In the category of make-big-news-seem-so-unimportant-people-might-just-miss-it, I would like to nominate today’s press release from Louis Vuitton, entitled “LVMH announces that Jordi Constans will join Louis Vuitton.”
Now, say that arrived in your inbox. What would you think? Who is Jordi Constans? what will he do? Does this matter to me? Read more
Just so you know, that title is meant literally. If it read metaphorically, I might have had to say “the future of couture” or “the meaning of couture,” for this morning Azzedine Alaia — yes — ended the couture season and was effectively elevated from designer to national treasure.
Returning to the fashion calendar after eight years, he produced a no-frills (well, not literally; there were frills, tiers of them — but no bells and whistles) couture collection in front of an audience that included the French Minister of Education, the ambassador from Jordan, designers Marc Newson and Pierre Charpin, and women in more Alaia than I’ve ever seen, including in the Tunisian-born designer’s own store. And he demonstrated pretty effectively that couture is above all about the clothes, as opposed to concept or image or branding. Read more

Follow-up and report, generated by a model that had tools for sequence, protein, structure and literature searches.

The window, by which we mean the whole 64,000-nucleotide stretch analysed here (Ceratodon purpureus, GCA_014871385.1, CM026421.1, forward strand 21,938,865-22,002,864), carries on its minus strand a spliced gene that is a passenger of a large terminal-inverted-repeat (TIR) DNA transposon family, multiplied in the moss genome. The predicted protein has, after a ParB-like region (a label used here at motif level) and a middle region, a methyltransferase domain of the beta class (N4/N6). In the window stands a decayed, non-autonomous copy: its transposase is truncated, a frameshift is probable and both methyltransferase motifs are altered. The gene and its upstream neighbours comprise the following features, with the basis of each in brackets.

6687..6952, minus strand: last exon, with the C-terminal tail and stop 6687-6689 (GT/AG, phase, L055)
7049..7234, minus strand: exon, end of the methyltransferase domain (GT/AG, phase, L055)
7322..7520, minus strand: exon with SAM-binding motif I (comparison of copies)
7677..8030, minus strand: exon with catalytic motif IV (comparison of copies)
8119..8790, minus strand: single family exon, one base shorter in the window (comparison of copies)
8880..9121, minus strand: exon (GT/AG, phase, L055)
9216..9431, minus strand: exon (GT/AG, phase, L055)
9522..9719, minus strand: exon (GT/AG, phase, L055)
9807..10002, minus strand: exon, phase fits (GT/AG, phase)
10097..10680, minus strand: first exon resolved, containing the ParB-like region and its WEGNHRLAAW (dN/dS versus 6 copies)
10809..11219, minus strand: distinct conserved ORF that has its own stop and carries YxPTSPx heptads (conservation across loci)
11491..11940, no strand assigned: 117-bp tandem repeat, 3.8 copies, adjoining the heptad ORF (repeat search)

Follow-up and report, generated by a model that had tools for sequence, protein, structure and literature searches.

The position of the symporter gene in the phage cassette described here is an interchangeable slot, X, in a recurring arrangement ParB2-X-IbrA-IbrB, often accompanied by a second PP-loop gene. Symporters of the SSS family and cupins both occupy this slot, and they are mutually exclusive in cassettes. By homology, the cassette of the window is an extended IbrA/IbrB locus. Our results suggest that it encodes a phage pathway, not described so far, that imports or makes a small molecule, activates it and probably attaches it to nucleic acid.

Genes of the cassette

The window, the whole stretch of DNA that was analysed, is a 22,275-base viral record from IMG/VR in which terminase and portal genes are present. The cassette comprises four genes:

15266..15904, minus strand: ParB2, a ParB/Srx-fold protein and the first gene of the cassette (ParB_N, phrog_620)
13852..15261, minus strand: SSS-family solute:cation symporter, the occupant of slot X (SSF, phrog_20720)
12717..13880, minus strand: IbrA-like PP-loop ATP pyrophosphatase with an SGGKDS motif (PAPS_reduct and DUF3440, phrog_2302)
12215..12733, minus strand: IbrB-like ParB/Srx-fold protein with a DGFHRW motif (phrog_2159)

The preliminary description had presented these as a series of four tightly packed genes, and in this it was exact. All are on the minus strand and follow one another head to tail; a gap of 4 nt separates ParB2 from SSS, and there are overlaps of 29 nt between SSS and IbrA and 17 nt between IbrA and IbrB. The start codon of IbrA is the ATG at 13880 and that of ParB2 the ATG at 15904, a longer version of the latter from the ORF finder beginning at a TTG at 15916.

Today, Jean-Paul Gaultier introduced a new idea to his women’s couture catwalk: men.
Interspersed with the models in extraordinary elegant feathered and silk creations were dudes in equally elaborate silk and velvet skirts, fur and feather capes, and some very startling beaded leggings. Read more
Chanel dethrones Napoleon - and replaces him with Coco.
Well, not literally, but conceptually. Following their now-signature “more is more” approach to shows, Chanel recreated Place Vendôme inside the Grand Palais for its couture, complete with nine glass lamp-posts and a soaring neon-tuned plinth topped by - yes - a statue of Coco, instead of the Little Emperor. Not sure about that symbolism, really. What were they saying? We dream big? We are going to rule the world? We forgot pride goeth before a fall? Read more